So Lent is coming up, starting the day before Valentine’s Day, and I cannot wait. For Lent, that is. I know this makes me weird, but what else is new?
A lot of people seem bemused by Lent. Unlike many religious celebrations, it never caught on outside of the Church, I guess because it’s hard to think of Lenten greeting cards. Also, on most holidays, you get stuff; who wants a holiday where you give something up? What’s so wrong with chocolate, anyway? And why give something up for forty days, then get right back on the wagon? Is it all just some kind of spiritualized crash diet? Is it a way of getting Heaven Points, more Catholic masochism, a grand show of self-control?
It’s all too easy to see it that way in our achievement-driven society, like something that would be on the front page of some magazine: 40 Days to Closeness with God! (The secret saintly technique they never taught you in Catechism class!) I remember the first Lent I celebrated as a child, four and a half feet of perfectionism and neurotic tendencies, constantly about to hyperventilate. I gave up sweets, and then I forgot and ate a brownie they gave me at Girl Scouts, and when I realized what had happened I burst into tears. In my mind, I had Failed at the forty-day deprivation test. In my mind, it was all about me.
Now, as an adult, what I really love about Lent is the reminder that I was (once again) dead wrong as a child. It’s not all about me. In fact, practically nothing is about me. There is a huge, glorious, blessed, terrifying, cruel, wonderful, raw world out there outside me, and there is an untamed, indescribable, unfathomable God calling my name.
Lent is about learning again to see that world, to hear that call. The giving stuff up part is just getting distractions out of the way.
The forty days of Lent represent the forty days Jesus spent in a barren desert just prior to his public ministry, fasting and praying and battling temptation from within and without. His vision quest, if you will. He knew the rest of his life would be crowded and messy, full of people scrambling to touch him and shouting for his attention. He knew that, once he started healing people, tender moments with his Abba would be snatched at sunrise and interrupted by well-meaning disciples saying, “We’ve been looking for you!” Lent is when we, like Jesus, make our lives empty like desert, carve out some time and space to struggle with our longings, to ask the big questions, to cultivate an inner silence we can take with us into the tumult.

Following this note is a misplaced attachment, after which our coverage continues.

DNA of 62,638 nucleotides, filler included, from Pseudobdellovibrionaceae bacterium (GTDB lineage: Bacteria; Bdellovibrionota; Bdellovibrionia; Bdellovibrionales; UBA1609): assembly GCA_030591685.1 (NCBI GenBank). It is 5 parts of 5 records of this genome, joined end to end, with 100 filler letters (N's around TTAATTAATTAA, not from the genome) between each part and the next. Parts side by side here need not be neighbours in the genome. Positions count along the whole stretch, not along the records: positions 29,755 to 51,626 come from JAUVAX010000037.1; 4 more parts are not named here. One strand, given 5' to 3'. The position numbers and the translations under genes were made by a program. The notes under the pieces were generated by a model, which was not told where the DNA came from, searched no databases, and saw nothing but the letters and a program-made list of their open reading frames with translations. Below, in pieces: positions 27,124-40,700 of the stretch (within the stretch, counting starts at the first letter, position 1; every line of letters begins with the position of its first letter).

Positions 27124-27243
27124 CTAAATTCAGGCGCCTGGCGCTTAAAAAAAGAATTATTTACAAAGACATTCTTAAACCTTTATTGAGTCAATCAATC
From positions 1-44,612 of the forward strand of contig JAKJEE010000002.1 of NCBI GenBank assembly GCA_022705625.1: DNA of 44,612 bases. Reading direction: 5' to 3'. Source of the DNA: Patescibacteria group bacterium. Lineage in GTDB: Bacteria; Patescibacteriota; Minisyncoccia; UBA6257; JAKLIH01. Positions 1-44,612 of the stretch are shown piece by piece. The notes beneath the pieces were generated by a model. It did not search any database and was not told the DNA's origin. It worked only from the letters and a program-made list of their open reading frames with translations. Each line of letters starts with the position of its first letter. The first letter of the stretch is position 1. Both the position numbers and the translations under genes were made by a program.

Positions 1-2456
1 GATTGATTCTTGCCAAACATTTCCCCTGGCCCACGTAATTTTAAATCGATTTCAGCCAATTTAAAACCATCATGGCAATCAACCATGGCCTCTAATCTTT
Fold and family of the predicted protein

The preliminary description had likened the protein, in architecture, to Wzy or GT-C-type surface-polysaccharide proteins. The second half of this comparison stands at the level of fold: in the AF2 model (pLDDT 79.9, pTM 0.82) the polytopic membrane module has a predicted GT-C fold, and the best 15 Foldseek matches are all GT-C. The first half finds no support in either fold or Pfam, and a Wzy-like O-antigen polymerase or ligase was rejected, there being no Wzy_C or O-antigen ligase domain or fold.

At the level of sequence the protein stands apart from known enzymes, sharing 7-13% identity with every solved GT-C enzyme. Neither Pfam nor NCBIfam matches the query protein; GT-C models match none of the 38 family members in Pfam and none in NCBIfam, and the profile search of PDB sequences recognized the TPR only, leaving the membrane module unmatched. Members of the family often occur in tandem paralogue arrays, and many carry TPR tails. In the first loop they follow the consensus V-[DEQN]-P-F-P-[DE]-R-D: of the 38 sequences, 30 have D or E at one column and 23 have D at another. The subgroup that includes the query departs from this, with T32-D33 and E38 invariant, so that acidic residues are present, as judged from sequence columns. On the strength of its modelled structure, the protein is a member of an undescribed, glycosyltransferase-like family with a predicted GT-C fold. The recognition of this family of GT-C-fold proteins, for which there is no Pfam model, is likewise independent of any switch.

That’s the first great gift Lent gives me: the call to fasting. Sweeping all the clutter out of the tiny house of my soul so I can see out the window again, so I can find the three things I’ll grab when it catches fire.
Lent is great for people like me, people whose vocabulary does not include “no.” Lent gives me permission to say the big fat sacred No to all the things that clutter up my time and suck away my precious seconds. Lent says, “It’s okay to sit here with your eyes closed and your ears open. It’s okay to just breathe. Let all that other stuff go. You may think this is not important, but actually it’s the most important thing: learning just to Be.”
That’s the second great gift Lent gives me: the call to prayer. The beautiful interplay of sacred words and sacred silence.
Lent is great for people like me, people who can be just a tad self-absorbed. Sometimes I pray, “Oh Jesus, I want to know you deeply, I want to be united to you in your suffering,” and Jesus looks at me with great tenderness and a bit of wry amusement and goes, “Well, how about we start you off slow, like with a mild illness?” and about a day into my tiny little cold I’m whining, “Make it stop!” Meanwhile, back in the rest of the world, people try to feed their families with wages I might spend in a vending machine. Meanwhile, the money I spend on luxuries could help save a child’s life from preventable disease. While I sometimes feel downcast and wonder about the meaning of my life, a dollar, a meal, a kind word from me could bring so much meaning to another person’s day.
That’s the third great gift Lent gives me: the call to giving. The chance to remember how much I’ve been given and openheartedly pass it on.
Of course, after forty days I will, like Jesus, be hungry. Longing for what I’ve given up will consume my attention. But I’ll take that longing and I’ll try to turn it toward the Source of all things, where it belongs. In our culture of endless plenty, I’ll try to learn again how to hunger and thirst for righteousness.
And then, when the sun rises on Easter, I’ll be good and ready to party.